Samuel Rutherford once asked a visitor a simple question: how many commandments are there? The visitor replied that there were eleven. Rutherford, surprised at this answer, gently corrected the man. But the visitor backed his answer up with the words of Christ: “A new commandment I give to you, that you love one another” (John 13:34).
True, many of the original Ten Commandments are things that will take place when we love one another. But they don’t always necessarily stem from true love. One can obey out of duty, without love, just as easily as one can obey out of love.
A man can refrain from killing or stealing or coveting, because he knows it is the “right thing” to do – but that doesn’t mean he truly loves the one he is not killing or not stealing from. Think on Paul’s words regarding love:
“If I speak in the tongues of men and of angels, but have not love, I am a noisy gong or a clanging cymbal. And if I have prophetic powers, and understand all mysteries and all knowledge, and if I have all faith, so as to remove mountains, but have not love, I am nothing. If I give away all I have, and if I deliver up my body to be burned, but have not love, I gain nothing” (1 Corinthians 13:1-3).
If we keep all the law and commandments, but have no love for one another, we are like an empty, useless noise – we are as nothing and gain nothing from it! We are told in another epistle that “the whole law is fulfilled in one word: ‘You shall love your neighbor as yourself'” (Galatians 5:14).
So what does this love towards others look like? Obviously, it will conform to the requirements of the Ten Commandments – it will honor father and mother; it will not murder; it will not commit adultery; it will not steal; it will not bear false witness; it will not covet (Exodus 20:12-17). And of course, there is the “love” chapter of 1 Corinthians 13, which gives even more characteristics of this love: “Love is patient and kind; love does not envy or boast; it is not arrogant or rude. It does not insist on its own way; it is not irritable or resentful; it does not rejoice at wrongdoing, but rejoices with the truth. Love bears all things, believes all things, hopes all things, endures all things. Love never ends” (1 Corinthians 13:4-8).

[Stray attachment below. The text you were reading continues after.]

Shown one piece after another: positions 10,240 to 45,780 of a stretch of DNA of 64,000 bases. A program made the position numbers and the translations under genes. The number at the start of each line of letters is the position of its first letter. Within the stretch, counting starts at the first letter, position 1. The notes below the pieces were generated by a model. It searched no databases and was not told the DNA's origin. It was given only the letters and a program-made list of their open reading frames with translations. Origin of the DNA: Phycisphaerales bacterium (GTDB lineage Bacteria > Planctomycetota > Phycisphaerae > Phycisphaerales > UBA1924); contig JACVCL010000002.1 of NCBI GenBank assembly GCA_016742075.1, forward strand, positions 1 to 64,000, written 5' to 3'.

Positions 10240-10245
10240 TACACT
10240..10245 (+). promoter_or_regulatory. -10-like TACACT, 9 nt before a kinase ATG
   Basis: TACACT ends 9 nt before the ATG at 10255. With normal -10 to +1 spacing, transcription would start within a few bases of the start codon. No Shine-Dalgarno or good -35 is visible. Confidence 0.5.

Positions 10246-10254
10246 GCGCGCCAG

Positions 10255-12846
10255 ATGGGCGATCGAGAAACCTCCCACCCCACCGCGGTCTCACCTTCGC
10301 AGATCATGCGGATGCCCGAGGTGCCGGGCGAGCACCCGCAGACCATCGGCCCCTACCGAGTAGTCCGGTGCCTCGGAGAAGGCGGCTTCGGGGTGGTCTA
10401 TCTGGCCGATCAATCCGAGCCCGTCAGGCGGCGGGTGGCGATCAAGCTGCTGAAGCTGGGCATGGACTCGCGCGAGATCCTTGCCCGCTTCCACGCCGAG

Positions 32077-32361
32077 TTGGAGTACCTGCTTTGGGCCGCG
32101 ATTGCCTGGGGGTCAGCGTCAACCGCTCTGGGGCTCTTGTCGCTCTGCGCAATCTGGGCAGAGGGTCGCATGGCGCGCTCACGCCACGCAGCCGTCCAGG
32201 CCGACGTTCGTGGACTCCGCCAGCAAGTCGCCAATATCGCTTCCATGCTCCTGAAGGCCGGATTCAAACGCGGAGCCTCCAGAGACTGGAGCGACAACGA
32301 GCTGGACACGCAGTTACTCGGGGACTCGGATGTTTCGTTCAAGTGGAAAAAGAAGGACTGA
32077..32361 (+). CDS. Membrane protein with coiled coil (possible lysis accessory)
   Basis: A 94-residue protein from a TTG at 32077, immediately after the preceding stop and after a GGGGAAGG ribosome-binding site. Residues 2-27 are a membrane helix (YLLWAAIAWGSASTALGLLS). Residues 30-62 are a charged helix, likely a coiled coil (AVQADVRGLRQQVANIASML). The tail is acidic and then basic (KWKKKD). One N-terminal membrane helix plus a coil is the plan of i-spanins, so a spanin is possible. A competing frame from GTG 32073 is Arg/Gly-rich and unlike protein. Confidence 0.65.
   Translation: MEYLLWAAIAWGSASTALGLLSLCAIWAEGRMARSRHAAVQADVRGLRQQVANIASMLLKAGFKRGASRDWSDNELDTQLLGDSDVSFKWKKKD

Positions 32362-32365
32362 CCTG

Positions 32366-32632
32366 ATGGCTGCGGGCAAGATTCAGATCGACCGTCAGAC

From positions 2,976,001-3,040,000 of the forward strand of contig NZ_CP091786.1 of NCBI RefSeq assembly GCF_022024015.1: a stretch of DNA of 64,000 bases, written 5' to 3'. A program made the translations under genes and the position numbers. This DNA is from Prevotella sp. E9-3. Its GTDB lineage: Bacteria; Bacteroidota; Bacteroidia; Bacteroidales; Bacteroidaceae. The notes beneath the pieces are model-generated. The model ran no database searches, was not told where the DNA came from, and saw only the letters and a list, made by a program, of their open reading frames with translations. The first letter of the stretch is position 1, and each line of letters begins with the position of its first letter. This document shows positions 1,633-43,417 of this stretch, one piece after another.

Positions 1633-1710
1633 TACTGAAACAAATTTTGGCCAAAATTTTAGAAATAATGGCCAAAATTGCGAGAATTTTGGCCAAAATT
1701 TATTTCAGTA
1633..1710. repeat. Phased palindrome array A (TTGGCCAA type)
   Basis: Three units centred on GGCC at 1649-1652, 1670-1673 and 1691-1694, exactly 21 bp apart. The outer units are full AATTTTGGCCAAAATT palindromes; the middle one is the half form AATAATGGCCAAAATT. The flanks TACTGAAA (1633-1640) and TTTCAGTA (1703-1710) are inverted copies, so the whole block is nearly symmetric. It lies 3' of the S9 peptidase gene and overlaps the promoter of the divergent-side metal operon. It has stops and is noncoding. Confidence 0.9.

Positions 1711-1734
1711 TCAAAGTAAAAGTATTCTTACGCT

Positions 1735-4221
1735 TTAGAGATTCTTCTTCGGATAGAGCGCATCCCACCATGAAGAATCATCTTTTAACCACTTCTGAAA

This new commandment we have been given – that we should love each other as we love ourselves – requires a selfless, sacrificial kind of love. It is not love that only loves the well-liked or affable. It is not love that seeks happiness or love in return. It is not love that loves only when first given love. Rather – it is love that seeks to give of ourselves, for the good of another, at whatever cost it may bring to ourselves.
This love gets out of its “comfort zone” and seeks to encourage others. This love reaches out to the “unlovely” and “unlikeable” with kindness and mercy. This love sees the soul’s needs as greater than the body’s needs – and this love seeks to meet the needs of both. This love will spend hours laboring in prayer for others, truly understanding what they need and spending its time and energy on their behalf. This love stems from God alone; its source of strength is in Him and its power is from Him. This love is the love that was shown to us in Christ Jesus: by His taking on the weakness of mankind, by His selfless separation from His Father, by His shedding of blood on the cross in our place.
This is the love we are to have towards one another. This is the love of the true disciple of Christ.
A new commandment I give to you, that you love one another: just as I have loved you, you also are to love one another. By this all people will know that you are my disciples, if you have love for one another (John 13:34-35).